The Hebrew University of Jerusalem's Prof. Harry Furstenberg is to be awarded the 2007 Wolf Prize in Mathematics. The announcement was made Monday by Minister of Education, Prof. Yuli Tamir, who is the chairperson of the Wolf Foundation Council.

According to Tamir, Furstenberg was chosen "for his profound contributions to ergodic theory, probability, topological dynamics, analysis on symmetric spaces and homogenous flows."

The Israel-based Wolf Foundation was established by the late German-born inventor, diplomat and philanthropist, Dr. Ricardo Wolf. Five annual prizes of $100,000 have been awarded each year since 1978, and they are considered among the world's top honors. The prizes are awarded in five different fields to outstanding scientists and artists "for achievements in the interest of mankind and friendly relations among peoples." To date, a total of 232 scientists and artists from 22 countries have been honored.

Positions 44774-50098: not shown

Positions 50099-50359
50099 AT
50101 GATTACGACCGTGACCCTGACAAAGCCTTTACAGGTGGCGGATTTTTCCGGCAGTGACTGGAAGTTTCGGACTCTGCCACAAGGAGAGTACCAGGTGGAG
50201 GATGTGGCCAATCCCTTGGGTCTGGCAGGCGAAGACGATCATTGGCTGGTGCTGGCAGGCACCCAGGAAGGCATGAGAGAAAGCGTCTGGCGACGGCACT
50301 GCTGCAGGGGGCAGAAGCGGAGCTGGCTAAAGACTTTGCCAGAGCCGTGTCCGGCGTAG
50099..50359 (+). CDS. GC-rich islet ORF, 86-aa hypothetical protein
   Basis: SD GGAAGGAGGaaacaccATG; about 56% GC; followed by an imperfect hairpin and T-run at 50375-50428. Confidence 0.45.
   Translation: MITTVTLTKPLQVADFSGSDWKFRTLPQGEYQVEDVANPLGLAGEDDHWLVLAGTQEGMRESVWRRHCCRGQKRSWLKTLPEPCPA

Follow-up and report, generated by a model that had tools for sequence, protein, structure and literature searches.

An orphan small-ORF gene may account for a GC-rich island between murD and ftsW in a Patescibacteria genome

Born in Germany in 1935, Furstenberg received his PhD from Princeton University. Since 1965, he has been a professor of mathematics at the Hebrew University. Furstenberg is a recipient of the Israel Prize and is a member of the Israel Academy of Sciences and Humanities and the National Academy of Sciences in the United States.

Furstenberg will share the prize with Prof. Stephen J. Smale of the University of California, Berkeley. The prize will be presented by the president of the State of Israel at a special ceremony in the Knesset on Sunday, May 13, 2007.